An online travel consumer comes to the hotel website, likes the property location, product and services, but finds a better rate on Expedia and books there. The distribution cost is either not reflected in the P&L at all if this is a merchant booking, or goes under COGS/Travel Agency Commissions in the case of an agency booking. As we all know the COGS line item is rarely scrutinized at all, and practically has no budgetary limitation. On the contrary, any increase in the COGS line item puts a dent into the G&A Expenses, which limits direct distribution even further. This "unlimited commission potential" allows OTA bookings to grow exponentially without being restrained by the property budget, which isn't the case with direct online bookings.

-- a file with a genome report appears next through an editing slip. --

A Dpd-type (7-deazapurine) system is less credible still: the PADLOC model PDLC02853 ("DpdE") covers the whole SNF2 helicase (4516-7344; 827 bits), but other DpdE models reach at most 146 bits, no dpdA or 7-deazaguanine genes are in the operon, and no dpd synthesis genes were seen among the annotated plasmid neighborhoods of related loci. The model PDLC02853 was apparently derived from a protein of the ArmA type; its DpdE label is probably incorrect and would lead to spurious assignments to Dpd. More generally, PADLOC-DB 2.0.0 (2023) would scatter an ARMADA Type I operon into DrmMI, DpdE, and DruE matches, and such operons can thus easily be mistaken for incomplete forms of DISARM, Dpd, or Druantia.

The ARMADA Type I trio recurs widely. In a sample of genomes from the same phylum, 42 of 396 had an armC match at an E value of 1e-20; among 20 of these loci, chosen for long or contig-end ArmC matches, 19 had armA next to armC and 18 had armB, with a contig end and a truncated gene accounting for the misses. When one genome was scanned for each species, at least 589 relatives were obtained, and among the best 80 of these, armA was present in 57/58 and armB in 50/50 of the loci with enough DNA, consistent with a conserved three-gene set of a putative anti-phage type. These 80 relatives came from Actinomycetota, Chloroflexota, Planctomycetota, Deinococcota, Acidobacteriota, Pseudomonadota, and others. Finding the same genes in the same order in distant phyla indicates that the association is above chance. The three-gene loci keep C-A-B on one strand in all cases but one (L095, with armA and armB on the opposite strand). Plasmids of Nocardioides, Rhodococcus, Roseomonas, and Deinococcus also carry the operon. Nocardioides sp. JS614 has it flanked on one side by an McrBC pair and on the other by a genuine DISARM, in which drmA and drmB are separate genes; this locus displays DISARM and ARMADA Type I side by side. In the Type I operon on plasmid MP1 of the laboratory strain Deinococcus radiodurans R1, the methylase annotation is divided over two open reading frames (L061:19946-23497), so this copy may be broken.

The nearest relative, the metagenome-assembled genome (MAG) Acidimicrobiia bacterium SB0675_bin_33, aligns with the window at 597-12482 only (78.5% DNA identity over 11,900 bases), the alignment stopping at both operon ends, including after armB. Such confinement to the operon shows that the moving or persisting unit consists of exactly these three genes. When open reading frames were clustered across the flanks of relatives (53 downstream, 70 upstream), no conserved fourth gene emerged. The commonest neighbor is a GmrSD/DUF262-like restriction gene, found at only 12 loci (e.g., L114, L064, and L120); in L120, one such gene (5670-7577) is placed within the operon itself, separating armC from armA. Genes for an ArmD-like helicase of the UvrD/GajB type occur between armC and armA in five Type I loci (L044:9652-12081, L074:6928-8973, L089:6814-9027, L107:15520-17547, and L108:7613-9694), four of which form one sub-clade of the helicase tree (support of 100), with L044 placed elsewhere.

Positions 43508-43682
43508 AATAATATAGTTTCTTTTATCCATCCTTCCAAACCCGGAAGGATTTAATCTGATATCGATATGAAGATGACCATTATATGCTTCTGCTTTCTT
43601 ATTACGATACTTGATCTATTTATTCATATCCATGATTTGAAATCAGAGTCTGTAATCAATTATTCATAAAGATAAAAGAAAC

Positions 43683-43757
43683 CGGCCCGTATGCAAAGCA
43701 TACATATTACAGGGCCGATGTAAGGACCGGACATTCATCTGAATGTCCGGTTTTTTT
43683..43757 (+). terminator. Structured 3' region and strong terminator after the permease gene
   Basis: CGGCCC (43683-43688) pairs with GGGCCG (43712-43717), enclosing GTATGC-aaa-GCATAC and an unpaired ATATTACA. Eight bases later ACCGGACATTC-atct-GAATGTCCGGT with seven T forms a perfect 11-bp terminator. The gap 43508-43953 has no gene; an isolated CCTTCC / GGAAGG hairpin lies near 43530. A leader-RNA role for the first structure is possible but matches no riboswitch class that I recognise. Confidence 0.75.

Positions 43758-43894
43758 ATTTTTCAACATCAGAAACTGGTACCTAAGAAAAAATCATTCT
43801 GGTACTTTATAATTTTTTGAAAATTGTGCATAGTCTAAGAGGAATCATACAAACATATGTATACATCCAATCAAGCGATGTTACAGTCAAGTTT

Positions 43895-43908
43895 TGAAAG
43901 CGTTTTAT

In Scenario B, an online travel consumer comes to the hotel website, likes the property location, product and services, likes the rate which also includes some unique value-add, and books there. The distribution cost (the prorated website and digital marketing expense required to engage, bring in and convert this travel consumer) comes out of the Sales & Marketing line item, part of the G&A Expenses of the P&L, which is severely restricted and often subject to budget cuts.
Same travel consumer, same booking dates, entirely different treatment of the distribution costs. It is extremely ironic that the most cost-effective bookings – from the direct online channel, are severely restricted by the property's sales and marketing budget, while the most expensive bookings – from the OTAs with cost of distribution of 15%-25% – are not restricted and can grow exponentially.